2. Begg, CB, et al. Lifetime risk of melanoma in CDKN2A mutation carriers in a population-based sample. J. Natl. Cancer Inst. 2005; 97(20):1507-15. doi: 10.1093/jnci/dji312. PMID: 16234564
  3. Bishop, DT, et al. Geographical variation in the penetrance of CDKN2A mutations for melanoma. J. Natl. Cancer Inst. 2002; 94(12):894-903. doi: 10.1093/jnci/94.12.894. PMID: 12072543
  4. Canto, MI, et al. International Cancer of the Pancreas Screening (CAPS) Consortium summit on the management of patients with increased risk for familial pancreatic cancer. Gut. 2013; 62(3):339-47. doi: 10.1136/gutjnl-2012-303108. PMID: 23135763
  5. Goldstein, AM, et al. Features associated with germline CDKN2A mutations: a GenoMEL study of melanoma-prone families from three continents. J. Med. Genet. 2007; 44(2):99-106. doi: 10.1136/jmg.2006.043802. PMID: 16905682
  6. Goldstein, AM, et al. High-risk melanoma susceptibility genes and pancreatic cancer, neural system tumors, and uveal melanoma across GenoMEL. Cancer Res. 2006; 66(20):9818-28. doi: 10.1158/0008-5472.CAN-06-0494. PMID: 17047042
  7. Hampel, H, et al. A practice guideline from the American College of Medical Genetics and Genomics and the National Society of Genetic Counselors: referral indications for cancer predisposition assessment. Genet. Med. 2015; 17(1):70-87. doi: 10.1038/gim.2014.147. PMID: 25394175
  8. McWilliams, RR, et al. Prevalence of CDKN2A mutations in pancreatic cancer patients: implications for genetic counseling. Eur. J. Hum. Genet. 2011; 19(4):472-8. PMID: 21150883
  9. McWilliams, RR, et al. Prevalence of CDKN2A mutations in pancreatic cancer patients: implications for genetic counseling. Eur. J. Hum. Genet. 2011; 19(4):472-8. doi: 10.1038/ejhg.2010.198.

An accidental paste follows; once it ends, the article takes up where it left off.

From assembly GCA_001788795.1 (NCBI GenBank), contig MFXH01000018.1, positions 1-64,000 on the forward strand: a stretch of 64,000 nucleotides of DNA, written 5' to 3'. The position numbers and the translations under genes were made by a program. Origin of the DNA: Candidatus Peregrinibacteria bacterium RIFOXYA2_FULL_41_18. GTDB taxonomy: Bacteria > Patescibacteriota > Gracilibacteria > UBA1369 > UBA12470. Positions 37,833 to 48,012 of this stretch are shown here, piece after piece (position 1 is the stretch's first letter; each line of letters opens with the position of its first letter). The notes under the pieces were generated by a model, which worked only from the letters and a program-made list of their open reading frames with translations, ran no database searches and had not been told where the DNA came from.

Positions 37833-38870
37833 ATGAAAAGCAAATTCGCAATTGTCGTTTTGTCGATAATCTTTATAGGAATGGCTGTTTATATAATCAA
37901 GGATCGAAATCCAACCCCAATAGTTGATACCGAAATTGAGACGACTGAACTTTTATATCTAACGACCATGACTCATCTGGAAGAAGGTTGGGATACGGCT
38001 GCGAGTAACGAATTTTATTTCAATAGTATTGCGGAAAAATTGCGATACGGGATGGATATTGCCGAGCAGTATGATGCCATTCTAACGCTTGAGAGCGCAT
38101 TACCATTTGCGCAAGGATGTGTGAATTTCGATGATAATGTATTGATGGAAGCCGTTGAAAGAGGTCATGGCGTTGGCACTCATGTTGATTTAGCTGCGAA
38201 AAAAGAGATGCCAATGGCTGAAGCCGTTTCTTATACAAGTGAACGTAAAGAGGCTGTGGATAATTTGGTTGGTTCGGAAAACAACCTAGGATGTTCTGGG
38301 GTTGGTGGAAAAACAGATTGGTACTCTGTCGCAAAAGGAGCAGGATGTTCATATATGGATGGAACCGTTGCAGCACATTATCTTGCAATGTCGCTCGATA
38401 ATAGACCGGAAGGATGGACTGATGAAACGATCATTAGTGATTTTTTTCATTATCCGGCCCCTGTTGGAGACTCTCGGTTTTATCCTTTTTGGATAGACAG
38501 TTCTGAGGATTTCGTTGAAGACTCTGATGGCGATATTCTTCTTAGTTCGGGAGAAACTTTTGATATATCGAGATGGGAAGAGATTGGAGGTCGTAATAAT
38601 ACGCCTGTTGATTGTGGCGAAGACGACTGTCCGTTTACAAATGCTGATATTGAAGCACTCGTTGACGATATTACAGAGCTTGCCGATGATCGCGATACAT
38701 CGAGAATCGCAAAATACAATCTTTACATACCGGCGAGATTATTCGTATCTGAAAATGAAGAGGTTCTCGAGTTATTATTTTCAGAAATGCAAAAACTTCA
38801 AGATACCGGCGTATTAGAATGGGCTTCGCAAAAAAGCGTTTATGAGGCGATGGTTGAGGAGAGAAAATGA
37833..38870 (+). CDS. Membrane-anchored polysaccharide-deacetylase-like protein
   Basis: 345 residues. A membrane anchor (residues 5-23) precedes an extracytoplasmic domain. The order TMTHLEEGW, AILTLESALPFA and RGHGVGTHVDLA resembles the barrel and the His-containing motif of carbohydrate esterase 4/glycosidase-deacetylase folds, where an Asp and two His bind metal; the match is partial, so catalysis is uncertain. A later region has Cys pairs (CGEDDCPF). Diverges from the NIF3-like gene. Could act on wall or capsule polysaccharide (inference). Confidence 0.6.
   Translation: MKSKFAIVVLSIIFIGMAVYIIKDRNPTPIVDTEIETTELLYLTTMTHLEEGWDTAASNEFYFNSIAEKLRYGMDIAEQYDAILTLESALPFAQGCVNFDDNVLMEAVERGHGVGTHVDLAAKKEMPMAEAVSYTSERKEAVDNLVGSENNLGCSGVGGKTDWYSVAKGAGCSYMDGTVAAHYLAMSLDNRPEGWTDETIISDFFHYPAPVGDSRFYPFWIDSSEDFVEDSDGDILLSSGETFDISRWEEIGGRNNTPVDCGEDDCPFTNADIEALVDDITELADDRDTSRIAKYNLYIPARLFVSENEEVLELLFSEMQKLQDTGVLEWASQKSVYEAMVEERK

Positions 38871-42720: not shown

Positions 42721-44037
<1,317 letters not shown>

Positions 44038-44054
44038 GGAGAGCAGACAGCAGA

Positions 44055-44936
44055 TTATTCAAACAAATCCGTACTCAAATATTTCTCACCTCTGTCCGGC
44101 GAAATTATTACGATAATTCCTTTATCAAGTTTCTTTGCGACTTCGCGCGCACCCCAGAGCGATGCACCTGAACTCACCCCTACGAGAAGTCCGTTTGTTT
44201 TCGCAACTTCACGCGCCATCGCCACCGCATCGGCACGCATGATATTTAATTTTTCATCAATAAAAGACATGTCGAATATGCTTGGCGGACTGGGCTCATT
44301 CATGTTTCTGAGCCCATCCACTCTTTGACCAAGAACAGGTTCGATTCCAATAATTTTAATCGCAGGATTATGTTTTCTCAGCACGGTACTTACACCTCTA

10. National Cancer Institute, Genetics of Skin Cancer-for health professionals. Accessed September 2015.
  11. National Comprehensive Cancer Network, Clinical practice guidelines in oncology. Pancreatic Adenocarcinoma. Accessed September 2015.
  12. Vasen, HF, et al. Risk of developing pancreatic cancer in families with familial atypical multiple mole melanoma associated with a specific 19 deletion of p16 (p16-Leiden). Int. J. Cancer. 2000; 87(6):809-11. doi: 10.1016/s0016-5085(00)84701-0. PMID: 10956390

Assay and technical information

Invitae is a College of American Pathologists (CAP)-accredited and Clinical Laboratory Improvement Amendments (CLIA)-certified clinical diagnostic laboratory performing full-gene sequencing and deletion/duplication analysis using next-generation sequencing technology (NGS).

Our sequence analysis covers clinically important regions of each gene, including coding exons, +/- 10 base pairs of adjacent intronic sequence, and select noncoding variants. Our assay provides a Q30 quality-adjusted mean coverage depth of 350x (50x minimum, or supplemented with additional analysis). Variants classified as pathogenic or likely pathogenic are confirmed with orthogonal methods, except individual variants that have high quality scores and previously validated in at least ten unrelated samples.

Our analysis detects most intragenic deletions and duplications at single exon resolution. However, in rare situations, single-exon copy number events may not be analyzed due to inherent sequence properties or isolated reduction in data quality. If you are requesting the detection of a specific single-exon copy number variation, please contact Client Services before placing your order.

Gene Transcript reference Sequencing analysis Deletion/Duplication analysis
CDK4 NM_000075.3
CDKN2A* NM_000077.4, NM_058195.3

CDKN2A: Analysis supports interpretation of the p16 protein only